By Nicole Fauteux
Twelve years ago, when Tracy Garland was running the Washington Dental Service Foundation, she met with the head of the state dental association to inform him about an effort to reach out to organized medicine. His advice to her: keep your efforts strictly local or expect serious pushback.
Today the climate for collaboration related to oral health has warmed considerably, and Ms. Garland is working hard to make sure it stays that way. She directs the National Interprofessional Initiative on Oral Health (NIIOH), a partnership between health professionals and philanthropists to engage primary care clinicians in eradicating dental disease. The initiative is premised on the idea that the dental professions need to work in collaboration with others to fully address oral health.
“We create a space that allows relationships to occur across the professions,” says Ms. Garland, “and those relationships predispose people to collaborate.”
To facilitate that collaboration, NIIOH works in the education, practice, and policy spheres and actively promotes the use of a modular, online oral-health curriculum, Smiles for Life. According to the Smiles for Life website, the curriculum is the nation’s most comprehensive oral health curriculum for primary care clinicians. Twelve health professions associations, including the American Dental Association, have endorsed Smiles for Life, and tens of thousands of people have downloaded curricular components or completed online courses. Although designed for non-oral health professionals, the curriculum is useful for dental educators who want to see what the other health professions are learning. ADEA members can access it through MedEdPORTAL.
Ms. Garland and others involved with the work of NIIOH spoke at the 2013 ADEA Annual Session & Exhibition. Anita Glicken, President and CEO of the nccPA Health Foundation, is a champion for oral health within the physician assistant (PA) community. In 2011, she paid a visit to a Head Start classroom in New Orleans where children’s teeth were being varnished, and seeing three-year-olds who couldn’t wait to get what they perceived as “sticky brown stuff” put on their teeth made her realize just how much the PA community could do to address oral health.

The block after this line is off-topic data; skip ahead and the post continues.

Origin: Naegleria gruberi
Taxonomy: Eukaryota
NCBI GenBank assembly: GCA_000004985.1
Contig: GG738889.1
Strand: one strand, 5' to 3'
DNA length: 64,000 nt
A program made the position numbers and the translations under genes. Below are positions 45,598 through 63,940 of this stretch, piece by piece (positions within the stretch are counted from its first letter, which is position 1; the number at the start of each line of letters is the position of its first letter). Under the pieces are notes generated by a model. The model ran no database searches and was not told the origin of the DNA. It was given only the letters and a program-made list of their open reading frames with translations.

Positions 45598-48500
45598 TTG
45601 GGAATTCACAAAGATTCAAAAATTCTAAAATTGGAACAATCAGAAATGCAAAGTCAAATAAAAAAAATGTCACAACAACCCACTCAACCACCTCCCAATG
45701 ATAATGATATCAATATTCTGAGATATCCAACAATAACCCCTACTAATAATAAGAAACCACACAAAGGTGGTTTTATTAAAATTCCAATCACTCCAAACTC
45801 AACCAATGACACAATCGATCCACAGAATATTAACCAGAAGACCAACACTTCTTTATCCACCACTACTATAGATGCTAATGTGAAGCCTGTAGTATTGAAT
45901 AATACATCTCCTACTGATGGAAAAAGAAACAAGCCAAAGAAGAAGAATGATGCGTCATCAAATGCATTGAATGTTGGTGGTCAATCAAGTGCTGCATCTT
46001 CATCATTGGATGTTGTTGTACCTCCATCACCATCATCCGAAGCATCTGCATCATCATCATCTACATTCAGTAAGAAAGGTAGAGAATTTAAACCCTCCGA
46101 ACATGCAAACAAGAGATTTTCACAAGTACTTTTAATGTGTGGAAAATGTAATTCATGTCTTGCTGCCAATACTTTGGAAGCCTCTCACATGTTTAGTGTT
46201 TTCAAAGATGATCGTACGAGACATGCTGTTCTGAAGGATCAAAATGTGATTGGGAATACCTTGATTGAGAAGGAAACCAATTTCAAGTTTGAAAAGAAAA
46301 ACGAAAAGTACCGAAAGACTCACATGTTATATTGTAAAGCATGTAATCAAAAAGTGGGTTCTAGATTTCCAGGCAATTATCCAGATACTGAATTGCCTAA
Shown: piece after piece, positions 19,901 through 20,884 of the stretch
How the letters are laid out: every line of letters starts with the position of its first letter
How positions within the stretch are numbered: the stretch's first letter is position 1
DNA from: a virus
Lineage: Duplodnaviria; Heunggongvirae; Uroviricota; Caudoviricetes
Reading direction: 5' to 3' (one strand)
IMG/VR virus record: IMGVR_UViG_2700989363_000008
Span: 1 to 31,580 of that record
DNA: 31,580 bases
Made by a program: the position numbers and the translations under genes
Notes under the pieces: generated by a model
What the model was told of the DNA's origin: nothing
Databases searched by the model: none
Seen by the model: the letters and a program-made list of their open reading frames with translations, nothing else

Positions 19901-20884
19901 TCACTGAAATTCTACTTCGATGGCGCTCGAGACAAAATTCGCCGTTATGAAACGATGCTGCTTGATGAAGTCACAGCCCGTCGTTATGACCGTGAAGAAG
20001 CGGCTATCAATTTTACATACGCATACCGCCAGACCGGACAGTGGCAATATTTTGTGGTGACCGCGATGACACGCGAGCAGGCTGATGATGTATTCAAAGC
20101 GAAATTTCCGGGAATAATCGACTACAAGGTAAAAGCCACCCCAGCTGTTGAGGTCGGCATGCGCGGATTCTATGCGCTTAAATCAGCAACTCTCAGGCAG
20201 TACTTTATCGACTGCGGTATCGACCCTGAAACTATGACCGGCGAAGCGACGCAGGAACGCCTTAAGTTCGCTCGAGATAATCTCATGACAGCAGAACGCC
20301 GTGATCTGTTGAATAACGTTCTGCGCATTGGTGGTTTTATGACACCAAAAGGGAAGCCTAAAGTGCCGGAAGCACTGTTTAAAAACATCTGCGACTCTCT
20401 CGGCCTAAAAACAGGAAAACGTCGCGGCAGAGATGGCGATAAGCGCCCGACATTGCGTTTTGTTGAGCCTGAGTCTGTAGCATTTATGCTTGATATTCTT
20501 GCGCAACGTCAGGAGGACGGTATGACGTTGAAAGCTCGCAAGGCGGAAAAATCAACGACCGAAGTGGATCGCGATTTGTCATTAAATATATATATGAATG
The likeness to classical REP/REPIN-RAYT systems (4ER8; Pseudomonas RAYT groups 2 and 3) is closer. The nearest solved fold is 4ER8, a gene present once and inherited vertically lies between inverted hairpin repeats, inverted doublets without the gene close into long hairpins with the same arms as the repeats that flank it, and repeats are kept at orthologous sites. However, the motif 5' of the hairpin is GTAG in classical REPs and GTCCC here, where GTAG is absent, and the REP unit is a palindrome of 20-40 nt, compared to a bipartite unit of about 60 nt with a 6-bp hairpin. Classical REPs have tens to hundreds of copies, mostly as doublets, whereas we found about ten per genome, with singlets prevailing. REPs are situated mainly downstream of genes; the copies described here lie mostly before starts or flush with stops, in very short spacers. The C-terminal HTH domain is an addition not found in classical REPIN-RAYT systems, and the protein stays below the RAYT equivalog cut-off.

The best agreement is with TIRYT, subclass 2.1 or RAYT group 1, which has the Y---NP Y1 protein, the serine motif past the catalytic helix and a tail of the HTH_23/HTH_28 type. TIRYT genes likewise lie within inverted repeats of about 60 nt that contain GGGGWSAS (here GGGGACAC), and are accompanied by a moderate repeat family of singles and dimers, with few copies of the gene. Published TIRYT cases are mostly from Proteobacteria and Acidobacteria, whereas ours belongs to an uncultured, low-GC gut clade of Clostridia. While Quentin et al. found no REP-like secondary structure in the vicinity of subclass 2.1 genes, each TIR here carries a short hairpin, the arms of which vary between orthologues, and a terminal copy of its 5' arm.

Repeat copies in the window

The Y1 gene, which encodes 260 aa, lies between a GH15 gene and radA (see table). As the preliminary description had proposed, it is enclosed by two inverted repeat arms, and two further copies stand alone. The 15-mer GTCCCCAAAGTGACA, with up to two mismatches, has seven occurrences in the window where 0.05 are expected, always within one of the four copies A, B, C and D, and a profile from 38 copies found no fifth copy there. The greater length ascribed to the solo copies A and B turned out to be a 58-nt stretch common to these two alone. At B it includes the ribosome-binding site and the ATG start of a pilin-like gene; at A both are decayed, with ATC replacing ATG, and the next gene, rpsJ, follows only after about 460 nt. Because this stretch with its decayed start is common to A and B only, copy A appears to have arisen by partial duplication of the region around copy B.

“It’s allowed us to reach beyond our different professional cultures to work on disparities in oral health,” she says.
Ms. Glicken reported that currently five PA education programs are using Smiles for Life and community interventions to contribute to oral health. These inroads into the PA community should help NIIOH achieve its mission. As Ms. Glicken told the audience, the number of PAs is growing fast, and they make up a significant portion of the primary care workforce in rural and minority communities.
So do nurse practitioners (NPs), who were represented on the panel by Judith Haber, Ph.D., Associate Dean for Graduate Programs at the New York University School of Nursing (NYU SON). NYU SON is situated within the NYU College of Dentistry (see an update on this partnership in the May 2013 Charting Progress). Dr. Haber spoke briefly about this unique interprofessional educational collaboration, calling it “one-stop oral-systemic health shopping under one roof.”
Dr. Haber directs the Oral Health Nursing Education and Practice Initiative (OHNEP), a joint venture of NYU SON and NIIOH, funded by DentaQuest Foundation, Washington Dental Service Foundation, and Connecticut Health Foundation. OHNEP is striving to integrate oral health in the baccalaureate nursing curriculum by making presentations, establishing a protocol that nurses can follow for oral health assessment, and awarding grants to interprofessional teams developing oral-systemic curriculum resources.
“Two years ago, there was only one nurse-led oral health initiative in the United States. Now there is at least one nurse-led oral health initiative in 22 states,” Dr. Haber tells the audience. Her hope is to see additional nurse-led initiatives take root in all 50 states.
Caswell Evans, D.D.S., M.P.H., Associate Dean for Prevention and Public Health Sciences at the University of Illinois at Chicago College of Dentistry and Chair of the DentaQuest Foundation Board of Directors, facilitated the session. He lauded the motivation of our colleagues in the other health professions to educate themselves about oral health and asked attendees to consider what dental education is doing to prepare students to collaborate in interprofessional initiatives.
“In some regards, they’re outpacing us,” he suggests.
During the question and answer period, one attendee asked the presenters whether dentists could also learn to provide some aspects of primary care. Comments from a nurse, a physician, and a dental hygienist supported the idea that oral health professionals might expand their roles in addressing the systemic needs of patients. Some audience members also asked that all oral health professionals be included in interprofessional efforts to promote oral-systemic health. As one attendee put it, “Dental hygiene has an enormous role to play in the health home. A dental hygienist will always know more than a physician about oral health.”